North Carolina Medical Marijuana Bill Advances to Senate Floor Vote. The Compassionate Use Act, Senate Bill 711, was unanimously approved by the Senate Rules Committee Wednesday, clearing the way for a final Senate floor vote, which could happen as soon as today. If and when the bill passes the Senate, it then goes to the House, and if approved by the House, it would go to the desk of Gov. Roy Cooper (D), who has said he supports medical marijuana. The bill would create a commission to issue 10 medical marijuana supplier licenses, with each supplier able to operate eight retail shops. Patients would be limited to a 30-day supply of medical marijuana.

Psychedelics

Michigan Activists Come Up Short on Psychedelic Legalization Initiative, Now Aim at 2024. Activists with Decriminalize Nature and Students for Sensible Drug Policy who have been engaged in signature-gathering to put a psychedelic legalization initiative on the November ballot announced Wednesday that they have come up short for this year and are now aiming at 2024. They had until June 1 to come up with 340,047 valid voter signatures, but only had two months to do so after getting a later start. The normal signature-gathering period is 180 days. Activists declined to say how many signatures they had gathered, but said signatures already gathered would still be valid for the 2024 push as long as they are handed in during this election cycle.

Criminal Justice

Massachusetts Agrees to Repay Thousands of Defendants Convicted on Evidence Analyzed by Disgraced State Crime Lab Chemists. The state has agreed to repay millions of dollars in fees and fines paid by some 30,000 defendants whose drug convictions were overturned because they relied on testing done by disgraced state crime lab chemists Annie Dookhan and Sonja Farak. Both women served state prison time for falsifying lab results. The settlement is expected to cost the state about $14 million. Each wrongfully convicted defendant will receive hundreds of dollars -- and potentially more. The state has agreed to refund 10 types of fees and fines, including probation supervision fees, victim witness fees, court costs, DNA test fees, drug analysis fees, and driver's license reinstatement fees, among others. The settlement must still be approved by a judge.

Drug Treatment

California Coerced Treatment Bill Fails. A bill that would have authorized a three-county pilot program that imposed coerced drug treatment for people with drug-motivated felony crimes, Assembly Bill 1928, failed to get a House floor vote by last week's legislative deadline and is now dead for the session. Bill proponents argued that it would allow people to get treatment in a secure facility instead of just being warehoused in prison. The bill passed the Assembly Health Committee in March but then stalled.

Harm Reduction

California Safe Injection Site Bill Wins Committee Vote. A bill to set up a pilot program to allow certain localities in the state to open safe injection sites, Senate Bill 57, was approved by the Assembly Public Safety Committee Wednesday and now heads for an Assembly floor vote. The measure has already passed the Senate, but if it passes in the Assembly, it will have to go back to the Senate for a concurrence vote because changes have been made in the Assembly.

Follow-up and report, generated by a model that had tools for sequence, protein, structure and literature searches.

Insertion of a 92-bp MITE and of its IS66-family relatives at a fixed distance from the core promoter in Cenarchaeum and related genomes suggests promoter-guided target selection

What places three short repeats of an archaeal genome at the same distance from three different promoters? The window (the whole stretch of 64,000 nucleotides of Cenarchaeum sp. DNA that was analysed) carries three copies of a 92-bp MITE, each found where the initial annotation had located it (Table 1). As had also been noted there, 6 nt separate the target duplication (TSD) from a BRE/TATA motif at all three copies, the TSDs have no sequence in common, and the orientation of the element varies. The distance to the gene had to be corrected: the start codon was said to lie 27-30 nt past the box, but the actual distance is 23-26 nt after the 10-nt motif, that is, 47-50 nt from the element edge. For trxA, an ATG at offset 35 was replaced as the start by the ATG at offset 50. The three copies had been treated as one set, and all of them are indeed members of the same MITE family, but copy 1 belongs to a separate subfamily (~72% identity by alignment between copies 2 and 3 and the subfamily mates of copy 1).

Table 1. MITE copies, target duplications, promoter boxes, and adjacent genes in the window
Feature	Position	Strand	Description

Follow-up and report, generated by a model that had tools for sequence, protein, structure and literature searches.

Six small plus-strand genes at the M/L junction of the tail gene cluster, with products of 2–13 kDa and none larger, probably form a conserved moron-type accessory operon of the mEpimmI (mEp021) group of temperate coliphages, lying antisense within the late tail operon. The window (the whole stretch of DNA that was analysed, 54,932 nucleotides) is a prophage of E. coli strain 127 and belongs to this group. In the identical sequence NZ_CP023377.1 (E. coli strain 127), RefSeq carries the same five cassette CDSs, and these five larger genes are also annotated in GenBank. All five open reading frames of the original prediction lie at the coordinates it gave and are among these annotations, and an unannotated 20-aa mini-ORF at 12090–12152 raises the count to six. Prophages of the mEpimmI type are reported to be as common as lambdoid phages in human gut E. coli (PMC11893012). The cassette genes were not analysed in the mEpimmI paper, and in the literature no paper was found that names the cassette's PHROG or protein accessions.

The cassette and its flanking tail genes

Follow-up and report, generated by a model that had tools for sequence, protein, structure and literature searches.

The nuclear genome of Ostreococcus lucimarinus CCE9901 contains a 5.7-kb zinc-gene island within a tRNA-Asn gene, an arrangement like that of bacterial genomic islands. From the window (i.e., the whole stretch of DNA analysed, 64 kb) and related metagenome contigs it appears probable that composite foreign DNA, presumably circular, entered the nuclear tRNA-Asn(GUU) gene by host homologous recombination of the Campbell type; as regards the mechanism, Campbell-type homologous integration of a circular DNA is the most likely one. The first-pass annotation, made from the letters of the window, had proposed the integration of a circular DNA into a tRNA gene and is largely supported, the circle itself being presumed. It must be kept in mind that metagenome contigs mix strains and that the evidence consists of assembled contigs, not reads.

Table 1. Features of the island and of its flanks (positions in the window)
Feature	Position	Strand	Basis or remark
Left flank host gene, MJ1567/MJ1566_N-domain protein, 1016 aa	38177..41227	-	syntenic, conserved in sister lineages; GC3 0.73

MS Medical Marijuana Applications Start Today, New MO & TX Pot Polls, More... (6/1/22)

New polls in Missouri and Texas show strong support for marijuana legalization, Peru takes steps to ease patient access to medical marijuana, and more.

Marijuana Policy

New Poll Shows 62 Percent of Missouri Voters Support Recreational Marijuana. A new poll from SurveyUSA asked "Should the use of marijuana for recreational use remain against the law in Missouri? Or be legalized?" and 62 percent of respondents chose the latter. Some 79 percent of Democrats, 66 percent of independents, and even 49 percent of Republicans said legalize it. The poll comes as Legal Missouri 2022 awaits confirmation that its marijuana legalization has qualified for the November ballot. The group handed in some 390,000 raw voter signatures in mid-May, more than double the amount of valid signatures required.

New Poll Shows Majority of Texans in Favor of Legalized Weed. A new poll from the Dallas Morning News/University of Texas at Tyler has support for marijuana legalization at 60 percent, with 76 percent of Democrats, 64 percent of independents and 42 percent of Republicans in favor. Medical marijuana was even more popular, with 83 percent in favor. Despite popular support, marijuana law reform is making little progress in the Republican-controlled state legislature. Democratic gubernatorial contender Beto O'Rourke has said he favors legalization, while Republican Gov. Greg Abbott has said he supports decriminalization of small amounts.

Medical Marijuana

Mississippi Medical Marijuana Card Applications Start Today. The state's medical marijuana program is getting underway after passage of the Medical Cannabis Act earlier this year. As of today, June 1, the Department of Health is accepting applications from patients and practitioners; marijuana cultivators, processors, and testers; and marijuana transportation and disposal services. Applications should be approved within five days for patients and within 30 days for licensure, the department said.

International

Peru Issues Draft Law to Allow and Regulate Patient-Grown Medical Marijuana. The Ministry of Health is seeking comment on pending legislation to amend a law passed last year that lets groups of patients or collectives grow their own medicine. The ministry is seeking to refine that law after hearing criticism from advocates who said patients still lacked sufficient access. The draft law will also include guidelines on the production and processing of medical marijuana by patient groups.